Alston – St Augustine

Gareth goes off to drive at the South Tynedale Railway – – and I managed to keep Thursday 27 October free to go and join him. I started with a trip up the extension to Lintley on the engineering train, then had a wander round Alston. Alston is in Cumbria, but the Benefice of Alston Moor is in the Diocese of Newcastle.

Firstly, as I walked up the hill, I spotted this sign:

Not a sign you often see … . Sadly the chapel was locked. A notice one side of the door says the Catholics have their Mass on a Saturday evening. A notice the other side of the door says the Methodists meet on a Sunday. Ecumenical sharing???

St Augustine’s church is in the centre of the Town – NY718466 – the door is open and welcoming. As you enter there is a display and leaflets asking the question: “What is the largest and most underused building in the centre of Alston?” Should the space inside be converted and made available for wider use? Visitors/heritage/arts/culture/health/wellbeing/community activities/art – as well as leaving a space for worship and quiet contemplation. They are asking for ideas and help to take the project forward. They have my prayers – I fear it won’t be easy. Alston feels rather depressed, the police station and ambulance are under threat – hardly a good time to launch a big project. Is there ever a good time? On the plus side, Judy the Vicar has energy – more energy than most of us!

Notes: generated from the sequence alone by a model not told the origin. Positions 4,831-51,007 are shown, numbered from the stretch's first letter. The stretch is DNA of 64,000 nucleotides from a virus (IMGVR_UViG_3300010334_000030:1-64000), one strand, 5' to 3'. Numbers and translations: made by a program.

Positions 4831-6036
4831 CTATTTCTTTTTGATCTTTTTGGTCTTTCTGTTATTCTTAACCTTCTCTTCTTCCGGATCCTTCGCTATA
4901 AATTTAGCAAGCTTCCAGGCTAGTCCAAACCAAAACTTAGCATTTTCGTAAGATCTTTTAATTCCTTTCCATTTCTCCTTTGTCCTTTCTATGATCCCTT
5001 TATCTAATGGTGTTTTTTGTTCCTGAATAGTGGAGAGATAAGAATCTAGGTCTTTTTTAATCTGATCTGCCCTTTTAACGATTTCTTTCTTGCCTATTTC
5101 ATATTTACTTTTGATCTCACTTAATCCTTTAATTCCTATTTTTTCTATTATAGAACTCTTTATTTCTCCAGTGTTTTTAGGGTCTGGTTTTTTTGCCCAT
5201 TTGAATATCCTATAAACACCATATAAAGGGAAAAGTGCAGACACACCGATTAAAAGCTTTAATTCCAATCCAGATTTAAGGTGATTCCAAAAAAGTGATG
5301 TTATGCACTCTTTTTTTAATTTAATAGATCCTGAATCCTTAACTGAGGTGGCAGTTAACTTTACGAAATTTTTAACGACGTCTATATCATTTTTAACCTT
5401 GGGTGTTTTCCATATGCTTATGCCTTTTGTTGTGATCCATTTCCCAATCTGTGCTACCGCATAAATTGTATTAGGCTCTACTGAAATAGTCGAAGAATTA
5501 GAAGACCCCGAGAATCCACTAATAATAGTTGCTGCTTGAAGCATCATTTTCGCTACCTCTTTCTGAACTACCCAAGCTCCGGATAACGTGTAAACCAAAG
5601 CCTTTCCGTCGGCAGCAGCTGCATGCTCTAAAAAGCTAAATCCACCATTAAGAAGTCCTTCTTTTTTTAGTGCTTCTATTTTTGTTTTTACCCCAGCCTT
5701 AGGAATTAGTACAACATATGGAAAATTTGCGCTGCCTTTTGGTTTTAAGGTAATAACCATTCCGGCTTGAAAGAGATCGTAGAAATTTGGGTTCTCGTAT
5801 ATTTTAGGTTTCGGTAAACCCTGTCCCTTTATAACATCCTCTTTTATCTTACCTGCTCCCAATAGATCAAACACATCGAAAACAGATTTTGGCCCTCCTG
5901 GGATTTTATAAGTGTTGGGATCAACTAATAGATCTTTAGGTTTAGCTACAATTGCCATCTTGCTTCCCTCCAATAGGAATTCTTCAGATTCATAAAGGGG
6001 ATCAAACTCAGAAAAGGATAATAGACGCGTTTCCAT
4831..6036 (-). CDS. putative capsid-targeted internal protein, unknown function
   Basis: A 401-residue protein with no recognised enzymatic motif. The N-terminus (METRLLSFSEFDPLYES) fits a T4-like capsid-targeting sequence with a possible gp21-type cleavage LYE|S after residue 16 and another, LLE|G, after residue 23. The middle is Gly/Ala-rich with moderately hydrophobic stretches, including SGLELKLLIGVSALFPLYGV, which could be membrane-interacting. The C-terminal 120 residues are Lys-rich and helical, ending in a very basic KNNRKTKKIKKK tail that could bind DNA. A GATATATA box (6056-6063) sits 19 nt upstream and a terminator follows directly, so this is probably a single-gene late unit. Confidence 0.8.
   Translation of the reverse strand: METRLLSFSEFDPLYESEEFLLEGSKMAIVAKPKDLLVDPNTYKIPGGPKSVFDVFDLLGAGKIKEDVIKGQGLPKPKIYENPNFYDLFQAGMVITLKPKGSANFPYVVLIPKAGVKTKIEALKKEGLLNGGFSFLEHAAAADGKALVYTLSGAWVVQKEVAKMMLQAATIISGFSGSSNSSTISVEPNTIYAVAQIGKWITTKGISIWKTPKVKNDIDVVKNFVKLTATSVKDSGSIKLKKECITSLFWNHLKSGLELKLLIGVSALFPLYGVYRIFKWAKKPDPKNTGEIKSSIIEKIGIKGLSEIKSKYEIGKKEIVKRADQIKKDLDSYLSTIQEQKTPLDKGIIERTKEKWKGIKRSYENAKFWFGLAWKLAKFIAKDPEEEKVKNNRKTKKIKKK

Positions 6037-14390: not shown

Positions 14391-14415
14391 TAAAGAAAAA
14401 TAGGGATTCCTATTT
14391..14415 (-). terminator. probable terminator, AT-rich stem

One tradition has it that St Augustine of Canterbury came this far north (unlikely). By the 1760s the church was in a bad state of repair and was demolished. A new one was built to a plan by Smeaton, the builder of the Eddystone lighthouse. The Archdeacon of Northumberland described the new building as “a large handsome building and tolerably well executed”. ‘Tolerably’ is faint praise – and the church only last a century. The current church was built in 1870.

The Derwentwater clock and bell was originally at Dilston Hall, and was presented to the church in 1767. The bell was hung in the tower, the clock dumped in a corner. In 1978 it was finally displayed!

This window in the North Aisle was installed in the 1890s and was designed by Nathaniel Westlake. It is well worth a second look. The guidebook says both the East Window and the Chancel screen are worth a closer inspection – I missed getting decent photos of them.

The reredos dates to 1899 – I didn’t get closer as there were other people in church. There’s a Millennium kneeler which needed a bit of working out – I like the first panel “Non Angli sed Angeli”. (You will remember Pope Gregory saw slaves in the market at Rome, asked where they were from, and was told they were Angles. “Not Angles, but Angels.” “Not Angles, but Anglicans” said ‘1066 and all that’.

Good headstones outside – and some nice aerial photos at

I was going to have a longer wander, but the train driver phoned – he needed lunch. Back to the station cafe – proper bacon and egg stotty. I missed the Cobbler’s Epitaph:

My cutting board’s to pieces split,

My size-sticks will no measure mete,

My rotten last’s turned into holes,

My blunted knife cuts no more soles.

My hammer’s head flown from the haft,

No more Saint Mondays* with the craft,

My nippers, pincers, stirrup and rag

And all my kit have got the bag;

My lapstone’s broke, my colour’s o’er,

My gum-glass froze, my paste’s no more;

My heels sewed on, my pegs are driven,

I hope I’m on the road to heaven.

[* apparently keeping Saint Monday was formerly used to describe the regular practice of staying off work on Mondays, particularly in the shoemaking trade. You learn a lot reading my blog!]

This entry was posted in Cumbria, Railway interest. Bookmark the permalink.

Leave a Reply

Your email address will not be published. Required fields are marked *